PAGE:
Name of product: Kakhra Pithe and Gargare Pithe

Application No: 937
Date of filing: 10/08/2022

Brief description of product:

According to the Bengali dictionary of Haricharan Bandyopadhyay, the stomach-satisfying dessert made of rice powder, paste of pulses, molasses and coconut is called ‘pitha’.1 Pithas are a variety of food similar to pancakes, dumplings or fritters, originating from Indian Subcontinent, common in India. Pithas can be sweet or savory and usually made from a dough or batter, which is then steamed, fried in ghee or oil, slow roasted over fire, baked or cooked on a griddle. Pitha is especially popular in the eastern Indian State of West Bengal. In West Bengal, Pithas are special delicacies in home and are considered as festive food and often made during special occasions and festivals. Pithas are also routinely prepared and served in homes in normal days.

Name of product: Khalsi Honey of Sundarban

Application No: 942
Date of filing: 17/08/2022

Brief description of product:

Honey is the natures blessing to the mankind. In Ayurveda it is described as Amrutha on the Earth. The utilization of natural honey as food and medicine by mankind has been alive from times immemorial. In fact, records have shown that raw honey is the most ancient sweetener, and was noted to have been in using all round the world several millions ago. Natural honey (NH) is a sweet, flavourful liquid food of high nutritional value with enormous health gain. Natural honey is widely embraced by all ages, and its use transcends the barriers of culture and ethnicity. Honey is the best known primary products of beekeeping. It is the most wonderful gift of god and Mother Nature to mankind. Honey is a sweet liquid gathered by honeybees from nectar or other secretions of plants which they transform by addition of enzymes and evaporation of water in it.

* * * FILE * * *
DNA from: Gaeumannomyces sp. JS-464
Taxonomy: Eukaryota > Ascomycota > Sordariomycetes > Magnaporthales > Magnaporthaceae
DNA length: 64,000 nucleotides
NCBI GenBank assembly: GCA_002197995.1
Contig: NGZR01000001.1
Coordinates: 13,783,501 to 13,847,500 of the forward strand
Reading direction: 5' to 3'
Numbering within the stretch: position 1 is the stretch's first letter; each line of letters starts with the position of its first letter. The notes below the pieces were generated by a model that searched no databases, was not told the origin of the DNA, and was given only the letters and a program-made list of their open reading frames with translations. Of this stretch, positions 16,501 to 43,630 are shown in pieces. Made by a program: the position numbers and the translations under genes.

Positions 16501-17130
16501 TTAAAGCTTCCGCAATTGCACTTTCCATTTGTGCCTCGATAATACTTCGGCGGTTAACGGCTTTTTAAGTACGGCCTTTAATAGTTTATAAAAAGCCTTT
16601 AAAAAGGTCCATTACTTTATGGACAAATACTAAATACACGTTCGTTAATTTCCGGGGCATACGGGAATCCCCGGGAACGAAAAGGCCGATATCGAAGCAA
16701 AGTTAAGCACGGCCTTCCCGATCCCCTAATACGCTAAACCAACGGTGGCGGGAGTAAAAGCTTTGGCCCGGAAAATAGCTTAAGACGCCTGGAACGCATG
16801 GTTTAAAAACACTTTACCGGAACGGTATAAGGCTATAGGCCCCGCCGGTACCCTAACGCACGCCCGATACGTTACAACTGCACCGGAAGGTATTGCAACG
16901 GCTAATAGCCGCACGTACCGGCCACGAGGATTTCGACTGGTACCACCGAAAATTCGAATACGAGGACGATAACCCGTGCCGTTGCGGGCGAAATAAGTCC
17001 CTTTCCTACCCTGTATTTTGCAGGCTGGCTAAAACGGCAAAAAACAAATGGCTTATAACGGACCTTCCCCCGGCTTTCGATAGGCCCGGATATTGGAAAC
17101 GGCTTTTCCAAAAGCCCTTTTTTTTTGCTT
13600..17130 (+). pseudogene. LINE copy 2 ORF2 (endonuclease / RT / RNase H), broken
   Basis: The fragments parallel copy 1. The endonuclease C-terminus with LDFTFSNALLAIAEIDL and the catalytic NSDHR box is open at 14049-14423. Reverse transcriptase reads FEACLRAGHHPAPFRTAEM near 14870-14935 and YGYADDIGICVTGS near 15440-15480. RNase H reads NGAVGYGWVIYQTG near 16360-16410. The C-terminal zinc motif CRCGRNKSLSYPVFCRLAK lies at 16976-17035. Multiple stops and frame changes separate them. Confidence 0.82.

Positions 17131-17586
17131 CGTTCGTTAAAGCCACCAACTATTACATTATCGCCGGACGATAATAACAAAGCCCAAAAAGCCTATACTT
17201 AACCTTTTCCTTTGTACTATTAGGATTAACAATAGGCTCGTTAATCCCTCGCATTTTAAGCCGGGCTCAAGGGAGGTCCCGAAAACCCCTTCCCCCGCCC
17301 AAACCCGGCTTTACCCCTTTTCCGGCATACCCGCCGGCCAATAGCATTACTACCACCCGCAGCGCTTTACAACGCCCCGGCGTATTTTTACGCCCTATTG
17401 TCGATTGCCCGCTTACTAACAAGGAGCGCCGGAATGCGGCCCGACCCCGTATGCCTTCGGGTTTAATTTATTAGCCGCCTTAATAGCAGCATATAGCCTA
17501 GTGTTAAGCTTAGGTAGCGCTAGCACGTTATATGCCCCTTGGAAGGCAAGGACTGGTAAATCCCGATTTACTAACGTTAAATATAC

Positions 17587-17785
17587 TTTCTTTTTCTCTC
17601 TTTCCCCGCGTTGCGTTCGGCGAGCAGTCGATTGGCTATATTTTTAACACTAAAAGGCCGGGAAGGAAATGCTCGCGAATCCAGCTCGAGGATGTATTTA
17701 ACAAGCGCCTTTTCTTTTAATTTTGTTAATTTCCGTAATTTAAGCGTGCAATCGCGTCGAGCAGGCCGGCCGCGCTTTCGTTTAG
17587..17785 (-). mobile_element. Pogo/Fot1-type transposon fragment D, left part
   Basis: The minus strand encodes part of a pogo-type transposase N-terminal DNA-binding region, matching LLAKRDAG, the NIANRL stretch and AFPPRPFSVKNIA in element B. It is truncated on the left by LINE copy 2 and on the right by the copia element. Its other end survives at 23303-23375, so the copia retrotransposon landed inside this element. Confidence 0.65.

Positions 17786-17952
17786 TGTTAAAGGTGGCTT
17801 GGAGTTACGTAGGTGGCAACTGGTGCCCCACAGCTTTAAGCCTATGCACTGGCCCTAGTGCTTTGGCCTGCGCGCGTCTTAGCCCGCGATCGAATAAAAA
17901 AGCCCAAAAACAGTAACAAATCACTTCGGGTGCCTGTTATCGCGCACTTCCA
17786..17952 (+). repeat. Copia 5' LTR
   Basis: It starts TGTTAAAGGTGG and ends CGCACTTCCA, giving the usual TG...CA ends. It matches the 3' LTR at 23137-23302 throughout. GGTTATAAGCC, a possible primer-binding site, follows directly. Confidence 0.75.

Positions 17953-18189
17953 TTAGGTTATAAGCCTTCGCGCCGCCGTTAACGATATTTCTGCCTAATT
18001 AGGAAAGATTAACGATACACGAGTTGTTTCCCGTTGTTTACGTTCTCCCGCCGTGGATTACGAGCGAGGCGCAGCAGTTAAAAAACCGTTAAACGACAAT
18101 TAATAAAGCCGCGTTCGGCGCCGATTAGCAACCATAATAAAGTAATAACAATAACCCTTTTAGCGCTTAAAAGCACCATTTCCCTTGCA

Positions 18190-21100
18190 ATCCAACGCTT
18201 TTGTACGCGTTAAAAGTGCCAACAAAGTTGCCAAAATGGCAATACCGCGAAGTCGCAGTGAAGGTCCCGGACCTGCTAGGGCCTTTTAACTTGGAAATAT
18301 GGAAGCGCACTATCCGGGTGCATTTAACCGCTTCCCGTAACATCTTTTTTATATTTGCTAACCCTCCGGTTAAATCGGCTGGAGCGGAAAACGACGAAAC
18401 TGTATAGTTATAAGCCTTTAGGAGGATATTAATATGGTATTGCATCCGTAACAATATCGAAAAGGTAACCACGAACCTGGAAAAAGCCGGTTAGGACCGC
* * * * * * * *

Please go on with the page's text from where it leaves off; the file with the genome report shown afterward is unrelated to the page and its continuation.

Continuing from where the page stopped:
Name of product: Janai Monohara

Application No: 990
Date of filing: 20/09/2022

Brief description of product:

Sweets is an integral part of all social and family events – be it a celebration (birth, thread ceremony, wedding, get-together etc) or observing death rituals, puja, guests – the list is endless. Each sweetmeat has its own history and Bengali ‘mishti’ (sweet) aficionados love to relate myriad stories about the origin of a particular sweet to anyone willing to lend a patient ear. The moiras or sweet makers of Janai are very possessive of the exact recipe for the Bengali sweets. Narayan Chandra das’s son (who is the present representative of Kamal Moira’s sweet shop) said “the Monohara was made around 200 years back. Janai has been making Monohara which are unique in creation and taste”. Thus, no wonder that businessmen and administrators of the area are now claiming geographical indication (GI) of the creation.